"Not one [teacher in the challenge] has ever done this before," said Ms. MacInnes, who introduced the "Web Chat Challenge" to thousands of teachers, principals, and school districts via a three-paragraph e-mail, beginning in February. "Maybe my letter made it sound doable. It didn't sound overwhelming, because it was starting out as a one-time experiment."
Because most of the focus on integrating Web technology into the classroom remains at the secondary school level, teachers say, projects such as this one are relatively uncommon. But with the advent of programs like Gmail and Skype, the increased prevalence of webcams and laptops in schools, and the freedom to teach multiple subjects at once, elementary school may be the ideal place to use Web conferencing in a way that has an impact, experts say.
"One of the reasons it's hard for some [middle and high school] teachers to integrate technology is because they're teaching a compartmentalized discipline," said Terry Smith, who has done Web-conferencing projects for nearly a decade as a 4th grade teacher at Eugene Field Elementary School in Hannibal, Mo. "This is project-based learning. We connect up in math and social studies, and even foreign languages."
Friday, April 16, 2010
El día de los niños/El día de los libros (Children's Day/Book Day), known as Día, is a celebration of children, families, and reading that culminates every year on April 30. The celebration emphasizes the importance of advocating literacy for children of all linguistic and cultural backgrounds. For further information, contact the Association for Library Service to Children or the Bookjoy/Diapalooza blog.
Choose the correct verb form (gerund, infinitive or base form) to complete the question. Each question has only one correct answer. When you are finished click on the "Next Question" button. There are 30 questions to this quiz. Try to use only 30 seconds per question. At the end of the quiz, you will receive quiz feedback.
Top of Form
Bottom of Form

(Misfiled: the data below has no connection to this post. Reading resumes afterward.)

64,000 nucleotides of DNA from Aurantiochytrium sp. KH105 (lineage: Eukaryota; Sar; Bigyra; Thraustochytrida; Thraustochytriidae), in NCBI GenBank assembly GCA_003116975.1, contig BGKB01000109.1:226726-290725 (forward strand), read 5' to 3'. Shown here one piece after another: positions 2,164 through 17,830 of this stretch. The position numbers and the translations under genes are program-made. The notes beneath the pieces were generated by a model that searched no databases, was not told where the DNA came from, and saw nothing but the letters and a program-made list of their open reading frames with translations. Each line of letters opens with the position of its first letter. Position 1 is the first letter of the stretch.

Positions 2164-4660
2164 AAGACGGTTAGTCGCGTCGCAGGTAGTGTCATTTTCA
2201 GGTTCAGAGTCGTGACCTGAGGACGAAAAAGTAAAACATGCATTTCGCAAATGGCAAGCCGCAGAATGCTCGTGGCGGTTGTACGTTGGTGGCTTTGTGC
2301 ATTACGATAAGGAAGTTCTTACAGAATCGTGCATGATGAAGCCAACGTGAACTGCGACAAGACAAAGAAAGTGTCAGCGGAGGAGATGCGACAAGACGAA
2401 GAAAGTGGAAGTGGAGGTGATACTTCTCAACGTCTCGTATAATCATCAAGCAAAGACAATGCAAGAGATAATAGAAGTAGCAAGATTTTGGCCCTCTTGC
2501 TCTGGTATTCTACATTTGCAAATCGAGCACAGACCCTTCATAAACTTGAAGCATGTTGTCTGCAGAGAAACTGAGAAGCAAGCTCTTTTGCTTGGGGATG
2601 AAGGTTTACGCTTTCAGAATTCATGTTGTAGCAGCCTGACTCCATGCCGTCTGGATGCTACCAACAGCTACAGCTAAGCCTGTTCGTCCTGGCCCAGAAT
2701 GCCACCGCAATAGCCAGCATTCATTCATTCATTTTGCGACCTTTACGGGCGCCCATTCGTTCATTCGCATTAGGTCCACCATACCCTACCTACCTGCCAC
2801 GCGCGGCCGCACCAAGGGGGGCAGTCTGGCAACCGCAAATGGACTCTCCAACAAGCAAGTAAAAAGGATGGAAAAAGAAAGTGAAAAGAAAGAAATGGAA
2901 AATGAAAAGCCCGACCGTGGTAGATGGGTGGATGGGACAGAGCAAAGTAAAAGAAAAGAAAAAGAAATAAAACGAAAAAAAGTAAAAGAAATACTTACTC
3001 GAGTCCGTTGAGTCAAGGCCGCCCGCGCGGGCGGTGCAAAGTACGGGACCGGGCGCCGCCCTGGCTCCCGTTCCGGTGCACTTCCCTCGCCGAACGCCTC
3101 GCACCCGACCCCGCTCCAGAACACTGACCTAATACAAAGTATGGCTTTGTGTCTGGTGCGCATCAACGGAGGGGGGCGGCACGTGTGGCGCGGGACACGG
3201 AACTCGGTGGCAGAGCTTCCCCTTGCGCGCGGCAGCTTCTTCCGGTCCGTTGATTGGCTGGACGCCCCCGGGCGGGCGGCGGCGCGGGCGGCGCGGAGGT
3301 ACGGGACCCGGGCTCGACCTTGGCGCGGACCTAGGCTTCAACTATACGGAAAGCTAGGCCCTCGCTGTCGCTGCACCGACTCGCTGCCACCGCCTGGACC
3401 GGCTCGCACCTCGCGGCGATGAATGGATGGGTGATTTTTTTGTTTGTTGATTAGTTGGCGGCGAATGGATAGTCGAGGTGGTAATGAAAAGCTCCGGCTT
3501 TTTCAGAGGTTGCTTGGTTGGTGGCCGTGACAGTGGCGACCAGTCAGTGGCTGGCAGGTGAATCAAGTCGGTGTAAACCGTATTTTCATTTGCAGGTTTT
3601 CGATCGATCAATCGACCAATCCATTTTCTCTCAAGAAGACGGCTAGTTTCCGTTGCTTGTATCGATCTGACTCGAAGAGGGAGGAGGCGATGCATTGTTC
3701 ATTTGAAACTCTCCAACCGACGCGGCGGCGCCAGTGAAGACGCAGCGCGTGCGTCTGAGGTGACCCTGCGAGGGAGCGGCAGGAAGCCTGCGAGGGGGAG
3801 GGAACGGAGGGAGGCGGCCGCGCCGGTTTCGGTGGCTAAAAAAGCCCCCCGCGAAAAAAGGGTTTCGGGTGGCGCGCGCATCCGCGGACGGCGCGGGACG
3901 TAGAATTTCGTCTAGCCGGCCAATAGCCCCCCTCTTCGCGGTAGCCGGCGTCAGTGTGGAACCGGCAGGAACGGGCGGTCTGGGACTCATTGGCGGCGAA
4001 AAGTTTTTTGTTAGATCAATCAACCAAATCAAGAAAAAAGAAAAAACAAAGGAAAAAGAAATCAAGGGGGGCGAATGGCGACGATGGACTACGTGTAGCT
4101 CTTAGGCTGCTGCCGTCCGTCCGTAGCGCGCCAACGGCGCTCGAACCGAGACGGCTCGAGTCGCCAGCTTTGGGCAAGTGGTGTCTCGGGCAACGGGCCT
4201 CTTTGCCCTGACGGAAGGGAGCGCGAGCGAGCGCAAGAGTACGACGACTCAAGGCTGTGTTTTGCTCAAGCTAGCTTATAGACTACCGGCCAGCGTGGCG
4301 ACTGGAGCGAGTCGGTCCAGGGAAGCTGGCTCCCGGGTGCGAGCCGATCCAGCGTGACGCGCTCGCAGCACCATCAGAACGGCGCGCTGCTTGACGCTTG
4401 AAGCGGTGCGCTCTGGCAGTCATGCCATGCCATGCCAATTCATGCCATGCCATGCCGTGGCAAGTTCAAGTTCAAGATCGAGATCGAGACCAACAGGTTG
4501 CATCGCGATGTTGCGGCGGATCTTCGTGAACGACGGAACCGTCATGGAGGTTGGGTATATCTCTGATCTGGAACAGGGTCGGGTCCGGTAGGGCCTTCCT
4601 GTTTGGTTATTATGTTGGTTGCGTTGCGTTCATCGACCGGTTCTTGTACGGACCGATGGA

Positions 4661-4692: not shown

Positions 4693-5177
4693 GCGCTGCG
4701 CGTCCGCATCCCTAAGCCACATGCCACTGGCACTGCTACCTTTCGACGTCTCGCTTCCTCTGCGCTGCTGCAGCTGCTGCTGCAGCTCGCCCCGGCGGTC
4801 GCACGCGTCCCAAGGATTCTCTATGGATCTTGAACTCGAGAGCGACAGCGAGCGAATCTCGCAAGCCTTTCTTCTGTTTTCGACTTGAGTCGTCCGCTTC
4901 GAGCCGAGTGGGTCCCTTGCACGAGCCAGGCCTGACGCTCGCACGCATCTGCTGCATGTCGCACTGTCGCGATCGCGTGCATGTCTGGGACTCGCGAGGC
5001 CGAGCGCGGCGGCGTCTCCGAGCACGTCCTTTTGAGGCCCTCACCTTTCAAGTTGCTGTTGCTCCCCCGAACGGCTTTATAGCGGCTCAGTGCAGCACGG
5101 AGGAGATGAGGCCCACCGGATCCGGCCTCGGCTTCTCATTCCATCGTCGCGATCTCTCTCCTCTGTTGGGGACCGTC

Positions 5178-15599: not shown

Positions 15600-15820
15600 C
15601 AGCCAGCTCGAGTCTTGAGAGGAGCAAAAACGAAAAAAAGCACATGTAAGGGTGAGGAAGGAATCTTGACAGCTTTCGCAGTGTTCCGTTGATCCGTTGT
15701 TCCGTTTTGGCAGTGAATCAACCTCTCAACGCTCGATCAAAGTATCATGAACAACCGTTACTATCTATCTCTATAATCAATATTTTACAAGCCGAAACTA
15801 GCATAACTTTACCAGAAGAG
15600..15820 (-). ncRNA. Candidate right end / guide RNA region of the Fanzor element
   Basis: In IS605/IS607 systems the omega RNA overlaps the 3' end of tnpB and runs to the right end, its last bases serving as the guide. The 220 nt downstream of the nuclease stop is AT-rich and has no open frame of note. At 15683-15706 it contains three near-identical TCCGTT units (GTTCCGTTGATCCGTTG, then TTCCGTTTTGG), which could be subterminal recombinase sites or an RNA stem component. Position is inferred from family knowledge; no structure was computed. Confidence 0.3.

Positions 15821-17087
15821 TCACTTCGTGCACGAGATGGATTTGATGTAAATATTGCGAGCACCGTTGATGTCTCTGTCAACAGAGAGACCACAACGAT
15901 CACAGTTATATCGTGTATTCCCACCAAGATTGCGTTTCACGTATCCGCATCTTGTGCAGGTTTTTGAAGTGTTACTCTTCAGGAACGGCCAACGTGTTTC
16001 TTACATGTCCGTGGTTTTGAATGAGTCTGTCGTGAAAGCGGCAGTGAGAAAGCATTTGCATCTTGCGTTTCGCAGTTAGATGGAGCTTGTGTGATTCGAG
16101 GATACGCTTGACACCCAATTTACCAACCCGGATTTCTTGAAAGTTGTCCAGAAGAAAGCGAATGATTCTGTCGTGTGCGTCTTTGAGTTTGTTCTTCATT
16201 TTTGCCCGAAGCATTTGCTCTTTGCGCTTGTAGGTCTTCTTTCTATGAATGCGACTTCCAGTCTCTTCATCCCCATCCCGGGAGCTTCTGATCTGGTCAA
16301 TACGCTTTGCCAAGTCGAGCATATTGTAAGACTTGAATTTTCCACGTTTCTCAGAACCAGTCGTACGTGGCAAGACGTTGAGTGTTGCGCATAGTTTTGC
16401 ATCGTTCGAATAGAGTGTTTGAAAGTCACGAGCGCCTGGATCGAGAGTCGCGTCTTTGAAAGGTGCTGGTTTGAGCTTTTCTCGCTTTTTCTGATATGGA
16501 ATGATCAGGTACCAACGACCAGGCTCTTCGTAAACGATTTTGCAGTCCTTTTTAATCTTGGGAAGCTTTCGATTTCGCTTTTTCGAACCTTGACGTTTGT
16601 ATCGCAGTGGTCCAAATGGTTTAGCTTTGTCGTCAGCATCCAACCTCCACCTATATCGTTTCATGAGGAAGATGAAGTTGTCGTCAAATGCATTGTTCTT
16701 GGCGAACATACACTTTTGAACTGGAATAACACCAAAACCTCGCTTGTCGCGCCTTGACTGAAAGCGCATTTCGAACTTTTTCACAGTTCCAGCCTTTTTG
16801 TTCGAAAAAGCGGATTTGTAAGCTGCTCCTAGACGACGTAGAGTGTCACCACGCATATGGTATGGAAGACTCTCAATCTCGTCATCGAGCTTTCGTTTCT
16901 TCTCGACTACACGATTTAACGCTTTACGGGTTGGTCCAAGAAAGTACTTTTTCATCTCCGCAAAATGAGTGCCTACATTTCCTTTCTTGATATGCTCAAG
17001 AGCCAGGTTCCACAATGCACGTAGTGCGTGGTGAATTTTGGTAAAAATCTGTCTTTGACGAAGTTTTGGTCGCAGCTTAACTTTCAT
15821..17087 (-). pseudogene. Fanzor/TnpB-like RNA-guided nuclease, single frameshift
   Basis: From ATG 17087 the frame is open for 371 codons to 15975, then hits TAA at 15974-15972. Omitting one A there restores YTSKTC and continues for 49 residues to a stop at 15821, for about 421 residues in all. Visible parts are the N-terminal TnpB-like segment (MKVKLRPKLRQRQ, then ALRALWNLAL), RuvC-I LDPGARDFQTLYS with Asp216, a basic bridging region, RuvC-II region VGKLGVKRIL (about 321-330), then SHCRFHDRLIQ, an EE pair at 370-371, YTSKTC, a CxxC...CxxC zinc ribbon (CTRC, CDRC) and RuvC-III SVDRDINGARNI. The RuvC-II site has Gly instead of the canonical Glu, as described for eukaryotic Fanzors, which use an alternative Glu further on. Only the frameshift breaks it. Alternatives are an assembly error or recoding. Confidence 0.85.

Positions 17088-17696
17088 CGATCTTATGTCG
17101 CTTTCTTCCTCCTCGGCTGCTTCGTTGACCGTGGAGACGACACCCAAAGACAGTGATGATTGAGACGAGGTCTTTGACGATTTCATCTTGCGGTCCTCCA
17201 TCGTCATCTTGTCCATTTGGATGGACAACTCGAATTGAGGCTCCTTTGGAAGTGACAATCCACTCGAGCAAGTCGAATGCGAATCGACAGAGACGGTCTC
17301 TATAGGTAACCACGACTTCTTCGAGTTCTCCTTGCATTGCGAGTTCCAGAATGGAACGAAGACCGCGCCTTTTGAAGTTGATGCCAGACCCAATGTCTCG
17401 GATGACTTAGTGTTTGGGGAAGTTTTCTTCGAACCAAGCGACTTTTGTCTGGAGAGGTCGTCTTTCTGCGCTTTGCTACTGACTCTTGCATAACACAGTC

Is reading aloud in high school a "time-wasting throwback or a useful way to involve every student"? It all depends on the circumstances, writes Jay Mathews in an article from the April 11 edition of The Washington Post. His observations also stirred a lively debate among readers. To read more or join the discussion, click here.
The National Governors Association Center for Best Practices (NGA Center), in partnership with the Council of Chief State School Officers (CCSSO), has released a paper outlining a vision for creating the next generation of state assessments that can make the Common Core State Standards concrete and meaningful to educators, students, and parents and provide a vehicle for ensuring all students master essential knowledge and skills.
The paper is informed by meetings, convened by NGA and CCSSO earlier this year, of the leaders of the six assessment consortia that had already formed to seek Race to the Top funds, and have since condensed to two consortia for the purpose of pursuing common assessments. For further information, read the full paper or contact the NGA Office of Communications at 202-624-5301.
Thursday, April 15, 2010
Specific writing strategies can play an important role in boosting reading comprehension. That's the bottom-line finding of a new analysis of research.
The report, out today from the Carnegie Corporation of New York, says that teachers can improve students' reading skills by having them write about what they are reading, teaching them writing skills, and increasing how much they write.
The analysis of research is one in an ongoing series of literacy studies funded by the philanthropy. (You might recall that it released its capstone report on adolescent literacy just last year. Click here for our story about it.) The new report builds on findings in the organization's 2004 study "Reading Next," which examined ways to improve adolescents' literacy skills, and its 2007 report "Writing Next," which looked at ways to improve adolescents' writing skills. The new report focuses on how the teaching of writing can improve reading.
Co-authors Steve Graham and Michael Hebert of Vanderbilt University examined the research on writing strategies that improve reading and found three areas of promise. One is to have students write about the texts they are reading, by summarizing, writing notes, or creating and answering questions about them.
Such techniques were shown to improve students' comprehension of science, social studies, and language arts. They were more effective in improving comprehension than just reading the text, re-reading it, reading and studying it, reading and discussing it, or receiving reading instruction, the study found.